6. Su KW, Luketich JD, Sarkaria IS. Robotic-assisted minimally invasive thymectomy for myasthenia gravis with thymoma. JTCVS Tech. 2022;13:270–4.

    Article  PubMed  PubMed Central  Google Scholar 

  7. Qian L, Chen X, Huang J, Lin H, Mao F, Zhao X, Luo Q, Ding Z. A comparison of three approaches for the treatment of early-stage thymomas: robot-assisted thoracic Surgery, video-assisted thoracic Surgery, and median sternotomy. J Thorac Dis. 2017;9(7):1997–2005.

    Article  PubMed  PubMed Central  Google Scholar 

  8. Shen C, Li J, Li J, Che G. Robot-assisted thoracic Surgery versus video-assisted thoracic Surgery for treatment of patients with thymoma: a systematic review and meta-analysis. Thorac Cancer. 2022;13(2):151–61.

    Article  PubMed  Google Scholar 

  9. Chen X, Ma Q, Wang X, Wang A, Huang D. Subxiphoid and subcostal thoracoscopic surgical approach for thymectomy. Surg Endosc. 2021;35(9):5239–46.

    Article  PubMed  Google Scholar 

  10. Jiang L, Chen H, Hou Z, Qiu Y, Depypere L, Li J, He J. Subxiphoid Versus Unilateral Video-assisted thoracoscopic Surgery thymectomy for Thymomas: a propensity score matching analysis. Ann Thorac Surg. 2022;113(5):1656–62.

    Article  PubMed  Google Scholar 

  11. Cui W, Huang D, Liang H, Peng G, Liu M, Li R, Xu X, He J. Tubeless video-assisted thoracoscopic Surgery in mediastinal Tumor resection. Gland Surg. 2021;10(4):1387–96.

    Article  PubMed  PubMed Central  Google Scholar 

  12. Kimura T, Inoue M, Kadota Y, Shiono H, Shintani Y, Nakagiri T, Funaki S, Sawabata N, Minami M, Okumura M. The oncological feasibility and limitations of video-assisted thoracoscopic thymectomy for early-stage thymomas. Eur J Cardiothorac Surg. 2013;44(3):e214–8.

    Article  PubMed  Google Scholar 

  13. Casiraghi M, Galetta D, Borri A, Tessitore A, Romano R, Brambilla D, Maisonneuve P, Spaggiari L. Robotic-assisted thymectomy for early-stage thymoma: a propensity-score matched analysis. J Robot Surg. 2018;12(4):719–24.

    Article  PubMed  Google Scholar 

  14. Weng W, Li X, Meng S, Liu X, Peng P, Wang Z, Li J, Wang J. Video-assisted thoracoscopic thymectomy is feasible for large thymomas: a propensity-matched comparison. Interact Cardiovasc Thorac Surg. 2020;30(4):565–72.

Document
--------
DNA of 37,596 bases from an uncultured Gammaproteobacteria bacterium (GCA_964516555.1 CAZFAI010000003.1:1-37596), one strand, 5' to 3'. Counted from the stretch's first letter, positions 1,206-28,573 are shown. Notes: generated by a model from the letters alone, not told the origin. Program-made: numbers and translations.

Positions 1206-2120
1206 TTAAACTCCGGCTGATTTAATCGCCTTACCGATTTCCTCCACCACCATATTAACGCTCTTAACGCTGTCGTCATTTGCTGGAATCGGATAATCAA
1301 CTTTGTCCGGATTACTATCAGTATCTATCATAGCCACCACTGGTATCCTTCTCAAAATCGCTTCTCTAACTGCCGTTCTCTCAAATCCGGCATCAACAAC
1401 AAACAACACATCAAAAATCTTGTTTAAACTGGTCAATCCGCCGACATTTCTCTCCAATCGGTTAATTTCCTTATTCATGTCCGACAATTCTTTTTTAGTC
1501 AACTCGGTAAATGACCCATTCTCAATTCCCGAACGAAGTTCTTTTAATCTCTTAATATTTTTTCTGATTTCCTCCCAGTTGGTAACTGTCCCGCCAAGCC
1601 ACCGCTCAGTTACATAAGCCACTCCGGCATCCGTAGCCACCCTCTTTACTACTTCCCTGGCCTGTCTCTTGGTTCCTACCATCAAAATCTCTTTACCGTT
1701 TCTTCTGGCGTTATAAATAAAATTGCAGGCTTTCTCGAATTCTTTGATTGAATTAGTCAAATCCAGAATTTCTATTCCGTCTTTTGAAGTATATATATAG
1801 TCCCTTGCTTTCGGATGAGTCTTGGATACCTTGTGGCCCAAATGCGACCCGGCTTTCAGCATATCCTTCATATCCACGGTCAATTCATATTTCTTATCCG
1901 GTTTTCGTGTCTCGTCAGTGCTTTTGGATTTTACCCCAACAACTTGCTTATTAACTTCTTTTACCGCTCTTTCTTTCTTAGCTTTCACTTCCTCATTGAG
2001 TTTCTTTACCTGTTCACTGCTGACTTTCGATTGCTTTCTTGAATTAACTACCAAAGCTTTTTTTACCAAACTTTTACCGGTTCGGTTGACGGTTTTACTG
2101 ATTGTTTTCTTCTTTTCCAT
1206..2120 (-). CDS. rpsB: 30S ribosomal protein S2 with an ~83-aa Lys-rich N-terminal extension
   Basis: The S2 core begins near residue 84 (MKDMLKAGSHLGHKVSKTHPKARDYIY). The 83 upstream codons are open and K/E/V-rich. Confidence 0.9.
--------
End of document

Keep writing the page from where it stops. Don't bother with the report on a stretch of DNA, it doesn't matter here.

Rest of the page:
Article  PubMed  Google Scholar 

  15. Kneuertz PJ, Kamel MK, Stiles BM, Lee BE, Rahouma M, Nasar A, Altorki NK, Port JL. Robotic thymectomy is feasible for large thymomas: a propensity-matched comparison. Ann Thorac Surg. 2017;104(5):1673–8.

    Article  PubMed  Google Scholar 

  16. Chiba Y, Miyajima M, Takase Y, Tsuruta K, Shindo Y, Nakamura Y, Ishii D, Sato T, Aoyagi M, Shiraishi T, et al. Robot-assisted and video-assisted thoracoscopic Surgery for thymoma: comparison of the perioperative outcomes using inverse probability of treatment weighting method. Gland Surg. 2022;11(8):1287–300.

    Article  PubMed  PubMed Central  Google Scholar 

  17. Odaka M, Tsukamoto Y, Shibasaki T, Katou D, Mori S, Asano H, Yamashita M, Morikawa T. Thoracoscopic thymectomy is a feasible and less invasive alternative for the surgical treatment of large thymomas. Interact Cardiovasc Thorac Surg. 2017;25(1):103–8.

    Article  PubMed  Google Scholar 

  18. Marulli G, Rea F, Melfi F, Schmid TA, Ismail M, Fanucchi O, Augustin F, Swierzy M, Di Chiara F, Mussi A, et al. Robot-aided thoracoscopic thymectomy for early-stage thymoma: a multicenter European study. J Thorac Cardiovasc Surg. 2012;144(5):1125–30.

    Article  PubMed  Google Scholar 

  19. Agatsuma H, Yoshida K, Yoshino I, Okumura M, Higashiyama M, Suzuki K, Tsuchida M, Usuda J, Niwa H. Video-assisted thoracic Surgery Thymectomy Versus Sternotomy Thymectomy in patients with Thymoma. Ann Thorac Surg. 2017;104(3):1047–53.

    Article  PubMed  Google Scholar 

  20. Jiang B, Tan QY, Deng B, Mei LY, Lin YD, Zhu LF. Robot-assisted thymectomy in large anterior mediastinal tumors: a comparative study with video-assisted thymectomy and open Surgery. Thorac Cancer. 2023;14(3):267–73.

    Article  CAS  PubMed  Google Scholar 

  21. Marulli G, Maessen J, Melfi F, Schmid TA, Keijzers M, Fanucchi O, Augustin F, Comacchio GM, Mussi A, Hochstenbag M, et al. Multi-institutional European experience of robotic thymectomy for thymoma. Ann Cardiothorac Surg. 2016;5(1):18–25.

    PubMed  PubMed Central  Google Scholar 

  22. Suda T. Subxiphoid thymectomy: single-port, dual-port, and robot-assisted. J Vis Surg. 2017;3:75–81.